FIG. 5 shows in detail an additional embodiment 101 of the invention in which conductive elements 103 and the connecting switch 105 are entirely made of the same phase change material to form the switch element as compared to the embodiment of FIG. 1. In this embodiment, the switch 105 is purposely made less wide to form a switch element which is narrower than the conductive elements 103 that connect to it on either side, but having a thickness equal to the conductive elements 103. In this case, the cross section of the switch element is less than the cross section of the conductive elements 103, causing the electrical resistance per unit length to be greater in the switch element than in the conducting elements. When electrical current is passed through a circuit made up of a series of these constricted switch connections, i.e., switches 105, the phase change material in the switches 105 will dissipate more electrical energy per unit length than the conducting elements because of the higher resistance per unit length. This higher dissipation will cause the switches 105 to experience a greater temperature rise than the conductive elements 103. Therefore a correctly sized electrical current pulse will cause the phase change material in the switches 105 to change state while the phase change material in the conductive elements 103 remains in the low impedance state. As is the case with the earlier described embodiment as shown in FIG. 4, the leads 59 (not shown) can also be established to connect to the switches 105 to apply energy directly to the switch 105, and not through the conductive elements 103.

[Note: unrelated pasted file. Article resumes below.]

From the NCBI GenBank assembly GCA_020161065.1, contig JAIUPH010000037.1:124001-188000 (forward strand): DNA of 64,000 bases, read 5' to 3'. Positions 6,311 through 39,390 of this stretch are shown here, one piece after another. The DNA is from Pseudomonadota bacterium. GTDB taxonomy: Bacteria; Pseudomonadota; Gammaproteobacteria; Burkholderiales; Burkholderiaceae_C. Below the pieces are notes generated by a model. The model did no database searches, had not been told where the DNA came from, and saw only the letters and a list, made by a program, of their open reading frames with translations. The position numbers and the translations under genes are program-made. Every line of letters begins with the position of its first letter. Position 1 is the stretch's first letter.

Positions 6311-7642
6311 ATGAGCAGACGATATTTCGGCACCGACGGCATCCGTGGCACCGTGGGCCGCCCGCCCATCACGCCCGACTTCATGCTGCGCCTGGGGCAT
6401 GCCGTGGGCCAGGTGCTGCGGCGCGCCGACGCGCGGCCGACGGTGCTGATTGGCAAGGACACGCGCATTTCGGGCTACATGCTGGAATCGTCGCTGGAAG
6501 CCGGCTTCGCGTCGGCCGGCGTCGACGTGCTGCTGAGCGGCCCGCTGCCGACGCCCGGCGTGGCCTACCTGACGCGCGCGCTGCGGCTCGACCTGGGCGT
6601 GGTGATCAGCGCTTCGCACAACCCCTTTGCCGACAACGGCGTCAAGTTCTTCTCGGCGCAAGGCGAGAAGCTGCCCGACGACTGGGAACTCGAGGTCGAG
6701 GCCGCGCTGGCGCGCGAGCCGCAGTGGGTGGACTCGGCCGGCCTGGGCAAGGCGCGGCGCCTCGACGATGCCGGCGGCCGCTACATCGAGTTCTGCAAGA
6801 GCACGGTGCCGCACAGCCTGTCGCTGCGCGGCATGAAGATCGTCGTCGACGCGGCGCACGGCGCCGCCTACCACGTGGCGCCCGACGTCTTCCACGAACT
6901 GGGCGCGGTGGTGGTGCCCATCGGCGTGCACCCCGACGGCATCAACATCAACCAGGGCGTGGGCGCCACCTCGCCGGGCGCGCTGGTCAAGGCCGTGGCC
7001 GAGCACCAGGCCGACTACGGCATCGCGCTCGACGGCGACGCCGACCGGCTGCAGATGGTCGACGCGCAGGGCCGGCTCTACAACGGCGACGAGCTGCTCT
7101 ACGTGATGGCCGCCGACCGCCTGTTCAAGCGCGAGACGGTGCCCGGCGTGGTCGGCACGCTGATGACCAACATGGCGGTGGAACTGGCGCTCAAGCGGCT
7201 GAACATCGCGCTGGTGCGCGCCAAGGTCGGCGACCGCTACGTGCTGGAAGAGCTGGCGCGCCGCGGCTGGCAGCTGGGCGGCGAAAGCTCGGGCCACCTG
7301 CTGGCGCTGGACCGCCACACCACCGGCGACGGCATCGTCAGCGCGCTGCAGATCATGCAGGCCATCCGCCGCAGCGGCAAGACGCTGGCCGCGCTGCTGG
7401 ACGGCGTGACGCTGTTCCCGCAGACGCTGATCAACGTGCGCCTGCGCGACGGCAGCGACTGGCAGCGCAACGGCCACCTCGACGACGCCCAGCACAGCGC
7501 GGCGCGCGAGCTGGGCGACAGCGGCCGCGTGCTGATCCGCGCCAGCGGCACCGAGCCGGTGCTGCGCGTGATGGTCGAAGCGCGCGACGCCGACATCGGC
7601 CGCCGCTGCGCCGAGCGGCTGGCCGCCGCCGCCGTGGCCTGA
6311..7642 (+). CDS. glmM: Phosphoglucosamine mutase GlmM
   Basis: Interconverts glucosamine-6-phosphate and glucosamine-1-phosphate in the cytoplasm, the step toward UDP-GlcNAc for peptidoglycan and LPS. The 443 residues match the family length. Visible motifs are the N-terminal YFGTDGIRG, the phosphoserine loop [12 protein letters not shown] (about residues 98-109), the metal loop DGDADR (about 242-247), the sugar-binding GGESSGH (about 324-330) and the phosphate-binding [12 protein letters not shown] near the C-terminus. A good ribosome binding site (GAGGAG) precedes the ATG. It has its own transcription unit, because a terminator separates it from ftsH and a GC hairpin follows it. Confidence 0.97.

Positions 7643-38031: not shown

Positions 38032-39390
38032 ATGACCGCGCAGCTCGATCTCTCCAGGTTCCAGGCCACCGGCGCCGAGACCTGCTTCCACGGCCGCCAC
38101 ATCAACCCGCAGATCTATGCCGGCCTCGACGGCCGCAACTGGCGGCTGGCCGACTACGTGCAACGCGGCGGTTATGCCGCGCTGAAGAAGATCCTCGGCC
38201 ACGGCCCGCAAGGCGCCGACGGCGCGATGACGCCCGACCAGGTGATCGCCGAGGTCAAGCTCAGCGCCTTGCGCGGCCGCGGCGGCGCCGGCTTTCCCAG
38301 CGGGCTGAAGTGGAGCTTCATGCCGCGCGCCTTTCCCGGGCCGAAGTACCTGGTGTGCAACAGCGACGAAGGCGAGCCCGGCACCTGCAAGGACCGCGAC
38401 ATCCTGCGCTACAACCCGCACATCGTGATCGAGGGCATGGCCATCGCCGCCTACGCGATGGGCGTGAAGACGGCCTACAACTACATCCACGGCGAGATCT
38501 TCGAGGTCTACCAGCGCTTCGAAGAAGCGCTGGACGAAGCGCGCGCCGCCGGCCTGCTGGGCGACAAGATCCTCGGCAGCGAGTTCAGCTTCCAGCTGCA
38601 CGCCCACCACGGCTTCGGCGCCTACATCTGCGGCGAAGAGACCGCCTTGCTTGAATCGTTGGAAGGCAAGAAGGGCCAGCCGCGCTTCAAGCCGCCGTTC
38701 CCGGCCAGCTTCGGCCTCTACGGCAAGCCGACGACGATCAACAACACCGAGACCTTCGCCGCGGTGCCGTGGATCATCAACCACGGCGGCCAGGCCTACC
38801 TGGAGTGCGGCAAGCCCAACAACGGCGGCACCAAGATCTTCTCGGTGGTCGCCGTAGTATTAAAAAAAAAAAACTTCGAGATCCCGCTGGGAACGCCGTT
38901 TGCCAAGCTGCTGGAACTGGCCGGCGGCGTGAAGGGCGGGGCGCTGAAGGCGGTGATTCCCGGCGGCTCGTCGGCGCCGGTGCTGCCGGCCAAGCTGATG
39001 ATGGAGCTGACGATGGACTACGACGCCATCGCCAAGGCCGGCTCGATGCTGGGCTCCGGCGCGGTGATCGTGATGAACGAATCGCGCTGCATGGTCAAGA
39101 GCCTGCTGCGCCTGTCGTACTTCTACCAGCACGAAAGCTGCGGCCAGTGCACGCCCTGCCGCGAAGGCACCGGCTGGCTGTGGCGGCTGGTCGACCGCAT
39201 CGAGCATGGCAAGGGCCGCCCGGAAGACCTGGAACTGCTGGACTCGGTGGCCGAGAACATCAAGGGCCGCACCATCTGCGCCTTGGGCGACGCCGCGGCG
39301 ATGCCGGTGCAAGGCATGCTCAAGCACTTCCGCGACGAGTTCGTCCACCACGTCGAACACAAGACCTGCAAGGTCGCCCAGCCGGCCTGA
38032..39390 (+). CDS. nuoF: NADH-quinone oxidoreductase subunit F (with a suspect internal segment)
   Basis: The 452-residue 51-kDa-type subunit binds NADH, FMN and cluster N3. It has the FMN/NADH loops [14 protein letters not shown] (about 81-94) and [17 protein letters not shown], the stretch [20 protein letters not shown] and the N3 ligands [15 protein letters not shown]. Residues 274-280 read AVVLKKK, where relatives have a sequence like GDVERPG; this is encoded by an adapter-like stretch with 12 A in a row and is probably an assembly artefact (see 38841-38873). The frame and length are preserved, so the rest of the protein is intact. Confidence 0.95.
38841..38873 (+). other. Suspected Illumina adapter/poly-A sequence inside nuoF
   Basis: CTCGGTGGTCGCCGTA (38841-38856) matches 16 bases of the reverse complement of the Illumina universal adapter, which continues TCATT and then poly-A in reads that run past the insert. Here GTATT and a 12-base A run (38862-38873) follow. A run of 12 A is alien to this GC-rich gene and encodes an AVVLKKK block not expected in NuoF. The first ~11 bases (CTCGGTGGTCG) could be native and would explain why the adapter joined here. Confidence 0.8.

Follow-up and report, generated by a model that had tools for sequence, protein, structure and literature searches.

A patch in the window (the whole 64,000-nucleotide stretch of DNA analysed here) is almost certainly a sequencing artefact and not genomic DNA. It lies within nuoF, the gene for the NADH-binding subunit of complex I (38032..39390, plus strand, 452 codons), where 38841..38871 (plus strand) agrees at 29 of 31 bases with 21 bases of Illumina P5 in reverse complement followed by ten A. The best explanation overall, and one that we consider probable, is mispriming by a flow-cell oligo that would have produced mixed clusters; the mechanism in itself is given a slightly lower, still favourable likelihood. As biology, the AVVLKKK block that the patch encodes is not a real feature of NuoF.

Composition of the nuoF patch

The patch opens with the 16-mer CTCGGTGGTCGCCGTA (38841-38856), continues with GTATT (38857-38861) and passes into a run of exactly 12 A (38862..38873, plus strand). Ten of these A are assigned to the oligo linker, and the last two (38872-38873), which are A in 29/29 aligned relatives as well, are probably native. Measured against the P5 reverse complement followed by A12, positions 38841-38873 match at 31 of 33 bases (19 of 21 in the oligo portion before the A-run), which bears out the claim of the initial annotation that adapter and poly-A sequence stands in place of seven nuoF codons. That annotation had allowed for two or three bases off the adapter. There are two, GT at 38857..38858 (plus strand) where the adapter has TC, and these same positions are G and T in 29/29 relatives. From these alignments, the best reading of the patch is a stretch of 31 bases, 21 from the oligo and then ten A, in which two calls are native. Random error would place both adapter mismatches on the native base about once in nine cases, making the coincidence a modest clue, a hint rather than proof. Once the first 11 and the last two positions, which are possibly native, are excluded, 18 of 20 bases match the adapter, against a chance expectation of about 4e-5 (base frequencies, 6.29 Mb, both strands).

While in a specific embodiment the impedance of the phase change material of switches is varied by application of electrical current to change the state of the phase change material, it will be appreciated by those of ordinary skill in the art that given the nature of the material, other energy sources can be employed. For example, selectively targeted laser beams may be directed at the switches to change the overall circuit current flow configuration, as well as other alternative means of providing energy to change the state and thus vary the impedance can be used.
Having thus described the invention in detail, the same will become better understood from the appended claims in which it is set forth in a non-limiting manner.
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|U.S. Classification||257/3, 438/128|
|International Classification||H01Q15/00, H01P1/10|
|Cooperative Classification||Y10T307/773, H01Q15/002, H01P1/10|
|European Classification||H01Q15/00C, H01P1/10|
|May 9, 2001||AS||Assignment|
Owner name: SCIENCE APPLICATIONS INTERNATIONAL CORPORATION, CA
Free format text: ASSIGNMENT OF ASSIGNORS INTEREST;ASSIGNORS:WYETH, N. CONVERS;GREEN, ALBERT M.;REEL/FRAME:011807/0061
Effective date: 20010508
|Aug 16, 2007||FPAY||Fee payment|
Year of fee payment: 4
|Oct 4, 2011||FPAY||Fee payment|
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|Apr 9, 2014||AS||Assignment|
Owner name: LEIDOS, INC., VIRGINIA
Free format text: CHANGE OF NAME;ASSIGNOR:SCIENCE APPLICATIONS INTERNATIONAL CORPORATION;REEL/FRAME:032642/0799
Effective date: 20130927
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Year of fee payment: 12